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All around the world, initiatives are arising to make cities smarter, more accessible and at the same time more sustainable. Eindhoven doesn’t seem to lead in this type of “Quality of Life” and that is the reason for E52 to dive into this topic in the run-up to the municipal elections of March 2018. What are the backgrounds, what is achievable, what is minimally necessary, where are the solutions? Today, Merien ten Houten – founder of E52 and Amber Mobility – shares his vision. Comments are welcome, both under this article and in separate contributions.

Eindhoven, as a city, has a love-hate relationship with the car. It was entirely created as a car city in the 50s and 60s. With the Kennedylaan, like a sort of highway bringing you straight into the center. Modern. Because being ahead has always been the power of Eindhoven.

The car isn’t gratifying
But we’ve now found out that the car is not gratifying. Cars come with pollution and unsafety. They take up a lot of space. Motorists are also a special kind of people. People really change when they get behind the wheel. They think they have more rights, which makes the car even more dominant in the city. It’s time to really think differently about mobility in Eindhoven.

To keep transport, safety and livability in order, choices need to be made. Choices that aren’t being made right now. In Eindhoven, the Vestdijk isn’t closed for cars. It’s only being made more difficult. Which results in more searching traffic and therefore more frustrated motorists. The car needs to be able to go everywhere, and there must be room for cyclists and pedestrians everywhere. There’s no real choice anywhere. So it isn’t really safe for children and youth to cycle anywhere and the car can’t drive straight through anywhere. A lot of stopping and accelerating causes a lot of extra pollution. Especially now that there are still a lot of cars driving on petrol and diesel.

It is now arranged without a plan but based on polders. Not really good anywhere, but a little bit to everyone’s liking. But this is Eindhoven, we don’t live in the polder. If we want to make way for the car, bike and pedestrian, if we want to improve livability, we will have to make a decision.


We can’t keep poldering. By not deciding, it doesn’t work for the pedestrian, cyclist, and motorist.,

My proposal: restrict the car inside the ring road. Actually, only destination traffic may enter the ring road. And because the car crawls where it can’t go, the area needs to be physically blocked. Posts with number plate identification that prevent traffic without destination from going into the center.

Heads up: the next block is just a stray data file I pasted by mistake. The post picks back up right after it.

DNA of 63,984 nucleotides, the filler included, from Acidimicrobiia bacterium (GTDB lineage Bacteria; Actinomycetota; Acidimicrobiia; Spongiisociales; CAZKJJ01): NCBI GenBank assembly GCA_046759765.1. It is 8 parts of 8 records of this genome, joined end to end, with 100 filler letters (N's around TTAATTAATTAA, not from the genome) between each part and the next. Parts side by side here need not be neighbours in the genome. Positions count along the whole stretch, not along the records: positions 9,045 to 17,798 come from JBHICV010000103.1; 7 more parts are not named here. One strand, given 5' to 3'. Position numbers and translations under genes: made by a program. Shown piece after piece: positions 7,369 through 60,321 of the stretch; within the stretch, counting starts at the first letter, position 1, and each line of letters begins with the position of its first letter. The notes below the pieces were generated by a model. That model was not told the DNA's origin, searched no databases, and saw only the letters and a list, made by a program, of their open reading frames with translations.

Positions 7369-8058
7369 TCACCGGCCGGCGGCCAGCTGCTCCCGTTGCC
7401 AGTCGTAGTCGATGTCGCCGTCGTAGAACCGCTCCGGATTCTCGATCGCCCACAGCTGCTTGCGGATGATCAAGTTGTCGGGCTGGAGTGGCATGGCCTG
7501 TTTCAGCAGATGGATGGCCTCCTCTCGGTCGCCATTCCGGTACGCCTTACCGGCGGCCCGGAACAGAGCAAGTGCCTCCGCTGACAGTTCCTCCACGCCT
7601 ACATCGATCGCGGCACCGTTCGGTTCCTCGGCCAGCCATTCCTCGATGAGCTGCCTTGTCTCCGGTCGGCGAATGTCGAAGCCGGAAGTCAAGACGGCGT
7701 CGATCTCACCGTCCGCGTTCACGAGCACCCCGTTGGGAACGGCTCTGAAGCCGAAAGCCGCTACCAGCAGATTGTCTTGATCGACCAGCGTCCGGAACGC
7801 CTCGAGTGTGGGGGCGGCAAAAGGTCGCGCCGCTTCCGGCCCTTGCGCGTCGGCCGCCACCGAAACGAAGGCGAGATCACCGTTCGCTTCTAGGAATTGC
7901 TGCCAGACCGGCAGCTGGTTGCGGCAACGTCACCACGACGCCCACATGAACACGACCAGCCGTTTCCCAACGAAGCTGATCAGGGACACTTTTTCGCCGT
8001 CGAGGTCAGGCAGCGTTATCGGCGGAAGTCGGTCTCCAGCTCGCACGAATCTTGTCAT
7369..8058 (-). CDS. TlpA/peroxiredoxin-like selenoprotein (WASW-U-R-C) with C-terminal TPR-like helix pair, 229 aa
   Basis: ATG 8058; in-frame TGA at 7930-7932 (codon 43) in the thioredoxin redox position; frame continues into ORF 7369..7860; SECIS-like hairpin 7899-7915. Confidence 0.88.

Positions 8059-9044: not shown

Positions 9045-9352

Of course, there are a number of big parking garages and companies that need to be accessible. Some roads will remain, but cut-through traffic will be made impossible. Some roads won’t have posts, but will be clearly marked as a dead end. That way companies and shops remain accessible. But the choice for the motorists gets limited. Less choice means less searching and so a better flow.

But what about visitors, my grandmother, emergency services? Those are the first questions you hear when you propose to really arrange things differently. ‘With an app!’ is the far too easy answer. The posts are mostly psychological. They’re there to prevent people who don’t live in the neighborhoods of Eindhoven from driving through them. To prevent searching traffic. Smart posts with smart number plate identification can be connected to an app. Give every inhabitant the possibility to temporarily give a number plate access. Just enter the number plate and visitors can come by. Parking costs for the visit are directly met in the same way, which saves parking meters. Of course, such a system can be abused. But the effect is that you can only deliberately drive into the residential areas inside the ring road.

Cut-through traffic
Clarity about where cars are welcome and where they are not welcome will make the traffic situation in Eindhoven much calmer and more enjoyable for all road users, also for motorists. In the beginning, this solution will seem rigorous. But it’s not very new. The TU/e site is already closed by barriers, and they’re working on the green carpet. The choice for green above cars.

Something that is similar to this system works successfully on the High Tech Campus. Cars are welcome on a limited number of roads that lead to the big parking garages. A large part of the campus is for pedestrians and cyclists.

We can take this step. If we take it, it will become clear how much more pleasant the climate in the center will be. How much less parking space is needed. How much space for greenery and recreation comes with it.

High Tech Campus Eindhoven